Brussels, 19 September 2014 – Ahead of the European Day Against Islamophobia on 21 September, anti-racism, Muslim, Jewish, Roma and Black organisations jointly call on EU leaders and decision makers to recognise Islamophobia as a specific form of racism and to tackle this increasing phenomenon.
Ezra, 84 years old, violently attacked in the street because she wears a headscarf; Paula, 25 years old, not allowed to accompany her children to school because she looks Muslim; Youssef, controlled 5 times per week by the police; Cemil, refused a permanent contract by his employer for the last 14 years.
These are real and recent examples that are occurring in the European Union, which is supposed to embody the values of the EU Charter of Fundamental Rights. These people all have one thing in common: they are victims of Islamophobia. Islamophobia - a form a racism targeting individuals or groups on the basis of their real or perceived belonging to the Muslim population - is widespread in many European countries. In France for instance, the Collective Against Islamophobia (CCIF) recorded 691 Islamophobic acts in 2013 (a 47% increase compared to 2012), with women being the primary victims (78% of the total number of incidents). In the United Kingdom, 734 cases were reported to the organisation Tell MAMA between May 2013 and February 2014.
Muslims or those perceived to be Muslim suffer from discrimination, stigmatisation and exclusion in all areas of life such as employment, education, vocational training, services and political participation, but also from racist speech and violence, especially on the internet.
We call on the EU institutions to publically recognise and condemn Islamophobia as a form of racism. Efforts to fight this phenomenon need support at the highest level, but so far there has been little political will. The EU Fundamental Rights Agency issued a report on discrimination against Muslims in 2009 and reported that on average 1 in 3 Muslim respondents stated that they had experienced discrimination in the past 12 months. However, no further investigation or political action by key European bodies such as the European Parliament and the European Commission have taken place since.
A first step would be to mark this European Day Against Islamophobia by publicly condemning this increasing phenomenon in Europe. A second step would be to ensure that EU anti-discrimination laws are actually implemented by Member States and to urgently adopt EU equal treatment legislation which has been stalled in negotiations for the last six years and which would better protect against discrimination against Muslims, among others.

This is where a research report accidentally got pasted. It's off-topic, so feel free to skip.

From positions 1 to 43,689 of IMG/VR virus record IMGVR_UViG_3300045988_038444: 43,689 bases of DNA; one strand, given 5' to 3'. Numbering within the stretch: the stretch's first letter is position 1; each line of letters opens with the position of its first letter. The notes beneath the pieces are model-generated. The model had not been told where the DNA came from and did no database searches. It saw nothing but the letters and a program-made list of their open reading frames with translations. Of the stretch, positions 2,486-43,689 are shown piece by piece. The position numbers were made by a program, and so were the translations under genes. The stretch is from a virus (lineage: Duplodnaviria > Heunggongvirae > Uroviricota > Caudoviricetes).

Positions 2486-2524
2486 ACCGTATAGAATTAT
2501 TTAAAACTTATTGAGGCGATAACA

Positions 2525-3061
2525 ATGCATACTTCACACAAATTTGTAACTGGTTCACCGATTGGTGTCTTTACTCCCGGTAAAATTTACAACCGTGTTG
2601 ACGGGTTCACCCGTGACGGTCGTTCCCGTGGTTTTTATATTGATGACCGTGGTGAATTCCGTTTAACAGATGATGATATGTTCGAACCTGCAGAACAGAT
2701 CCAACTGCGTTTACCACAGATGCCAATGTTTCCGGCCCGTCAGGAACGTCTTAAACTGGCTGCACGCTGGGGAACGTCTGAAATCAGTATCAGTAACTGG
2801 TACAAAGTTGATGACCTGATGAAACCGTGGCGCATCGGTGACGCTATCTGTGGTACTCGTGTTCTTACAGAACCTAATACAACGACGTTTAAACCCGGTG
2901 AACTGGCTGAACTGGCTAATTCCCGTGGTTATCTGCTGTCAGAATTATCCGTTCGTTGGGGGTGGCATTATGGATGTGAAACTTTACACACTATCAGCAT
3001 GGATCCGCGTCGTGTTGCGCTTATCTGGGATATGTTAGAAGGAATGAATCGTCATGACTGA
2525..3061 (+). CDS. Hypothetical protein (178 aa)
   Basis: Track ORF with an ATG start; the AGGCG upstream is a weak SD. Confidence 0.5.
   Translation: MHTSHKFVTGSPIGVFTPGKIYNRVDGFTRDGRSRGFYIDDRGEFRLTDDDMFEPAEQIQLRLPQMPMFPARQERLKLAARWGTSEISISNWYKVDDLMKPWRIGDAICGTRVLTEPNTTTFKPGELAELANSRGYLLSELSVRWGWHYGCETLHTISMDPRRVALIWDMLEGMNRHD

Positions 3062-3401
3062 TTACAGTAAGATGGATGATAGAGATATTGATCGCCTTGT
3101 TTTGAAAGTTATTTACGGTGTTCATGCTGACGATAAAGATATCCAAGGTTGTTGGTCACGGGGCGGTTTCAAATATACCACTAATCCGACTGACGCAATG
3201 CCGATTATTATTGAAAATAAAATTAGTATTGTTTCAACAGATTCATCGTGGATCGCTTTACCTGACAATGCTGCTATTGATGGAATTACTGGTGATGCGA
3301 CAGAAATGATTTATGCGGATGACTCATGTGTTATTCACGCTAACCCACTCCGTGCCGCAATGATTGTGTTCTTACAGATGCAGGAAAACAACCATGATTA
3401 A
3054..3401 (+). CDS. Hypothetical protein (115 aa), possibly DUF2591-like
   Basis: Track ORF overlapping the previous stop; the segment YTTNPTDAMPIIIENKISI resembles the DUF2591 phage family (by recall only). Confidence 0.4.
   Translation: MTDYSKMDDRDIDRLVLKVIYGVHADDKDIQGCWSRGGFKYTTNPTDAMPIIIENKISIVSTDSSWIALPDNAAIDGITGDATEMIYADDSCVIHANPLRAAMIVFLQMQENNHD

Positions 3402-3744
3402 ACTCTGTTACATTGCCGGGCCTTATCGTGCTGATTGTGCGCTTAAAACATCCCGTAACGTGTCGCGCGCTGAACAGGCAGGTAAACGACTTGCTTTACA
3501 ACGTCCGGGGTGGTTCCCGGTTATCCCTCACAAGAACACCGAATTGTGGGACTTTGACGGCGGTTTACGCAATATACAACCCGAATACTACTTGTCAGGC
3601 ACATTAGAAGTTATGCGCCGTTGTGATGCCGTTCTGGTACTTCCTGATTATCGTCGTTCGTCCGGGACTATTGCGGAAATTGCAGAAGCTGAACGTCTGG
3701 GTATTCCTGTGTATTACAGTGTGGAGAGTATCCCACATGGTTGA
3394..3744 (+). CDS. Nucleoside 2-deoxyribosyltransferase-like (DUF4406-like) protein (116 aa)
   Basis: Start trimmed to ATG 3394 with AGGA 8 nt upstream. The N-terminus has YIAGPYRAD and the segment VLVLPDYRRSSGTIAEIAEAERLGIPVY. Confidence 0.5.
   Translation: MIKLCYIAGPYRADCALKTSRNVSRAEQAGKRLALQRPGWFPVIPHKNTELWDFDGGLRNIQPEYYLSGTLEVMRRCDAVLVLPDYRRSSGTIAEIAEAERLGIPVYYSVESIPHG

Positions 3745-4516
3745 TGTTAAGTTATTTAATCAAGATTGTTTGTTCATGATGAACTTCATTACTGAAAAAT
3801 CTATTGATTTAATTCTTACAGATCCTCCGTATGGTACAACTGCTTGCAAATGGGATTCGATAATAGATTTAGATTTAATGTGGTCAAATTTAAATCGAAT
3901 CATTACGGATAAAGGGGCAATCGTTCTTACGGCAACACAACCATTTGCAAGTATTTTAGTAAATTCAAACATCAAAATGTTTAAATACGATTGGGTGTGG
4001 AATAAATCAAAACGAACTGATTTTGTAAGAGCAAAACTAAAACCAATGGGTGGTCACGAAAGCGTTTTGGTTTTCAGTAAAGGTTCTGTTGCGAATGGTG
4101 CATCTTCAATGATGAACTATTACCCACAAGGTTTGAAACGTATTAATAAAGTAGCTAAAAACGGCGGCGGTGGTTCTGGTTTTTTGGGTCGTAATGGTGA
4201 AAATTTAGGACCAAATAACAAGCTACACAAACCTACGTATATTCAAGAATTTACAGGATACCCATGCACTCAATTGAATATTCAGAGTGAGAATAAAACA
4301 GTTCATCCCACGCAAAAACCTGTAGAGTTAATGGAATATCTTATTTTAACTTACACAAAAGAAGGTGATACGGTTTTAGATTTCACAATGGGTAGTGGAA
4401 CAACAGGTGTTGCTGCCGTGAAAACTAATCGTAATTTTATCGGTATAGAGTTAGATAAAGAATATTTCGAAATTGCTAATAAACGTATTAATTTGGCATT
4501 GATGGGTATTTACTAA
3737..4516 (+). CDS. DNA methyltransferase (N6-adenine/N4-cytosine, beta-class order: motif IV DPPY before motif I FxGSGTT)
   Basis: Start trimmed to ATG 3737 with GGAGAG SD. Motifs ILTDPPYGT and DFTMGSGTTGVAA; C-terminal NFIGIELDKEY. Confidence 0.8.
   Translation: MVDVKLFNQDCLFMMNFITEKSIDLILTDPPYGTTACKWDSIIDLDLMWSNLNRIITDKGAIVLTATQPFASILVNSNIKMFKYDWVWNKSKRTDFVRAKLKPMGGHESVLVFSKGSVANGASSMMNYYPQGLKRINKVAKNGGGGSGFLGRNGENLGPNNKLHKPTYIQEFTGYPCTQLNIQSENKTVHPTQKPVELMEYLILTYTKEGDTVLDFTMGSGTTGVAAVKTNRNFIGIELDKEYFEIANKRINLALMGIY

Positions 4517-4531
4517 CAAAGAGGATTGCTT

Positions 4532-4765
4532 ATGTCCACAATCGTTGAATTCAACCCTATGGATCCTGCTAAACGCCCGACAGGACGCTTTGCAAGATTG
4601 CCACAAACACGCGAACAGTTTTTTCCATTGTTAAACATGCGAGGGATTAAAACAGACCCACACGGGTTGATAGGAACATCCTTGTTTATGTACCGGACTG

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ENAR: Georgina Siklossy, Communication and Press Officer
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Notes to the editor:
1. The European Day Against Islamophobia, on 21 September, has been initiated this year by the Council of Europe’s ’s No Hate Speech Movement: http://nohate.ext.coe.int/News/European-Action-Day-against-Islamophobia-and-Religious-Intolerance-21-September!
 African Empowerment Center Denmark, Association des Juristes Arabo Musulmans d’Europe, Austrian Muslim Initiative, Black Activists Rising Against Cuts, CEJI – A Jewish contribution to an inclusive Europe, Centrum mot Rasism, Collectif contre l’Islamophobie en Belgique, Coordinamento Associazioni Islamiche di Milano e Monza e Brianza, Collectif Contre l’Islamophobie en France, Etudiants Musulmanes de France, European Forum Of Muslim Women, European Muslim Initiative for Social Cohesion, European Roma Grassroots Organisations Network, European Roma Information Office, European Roma Rights Center, Fight Racism Now, Giovani Musulmani d’Italia, Initiative Schwarze Menschen in Deutschland, Kifkif, Movement Against Xenophobia, Muslim’s Rights Belgium, Pan African Movement for Justice, #SchauHin
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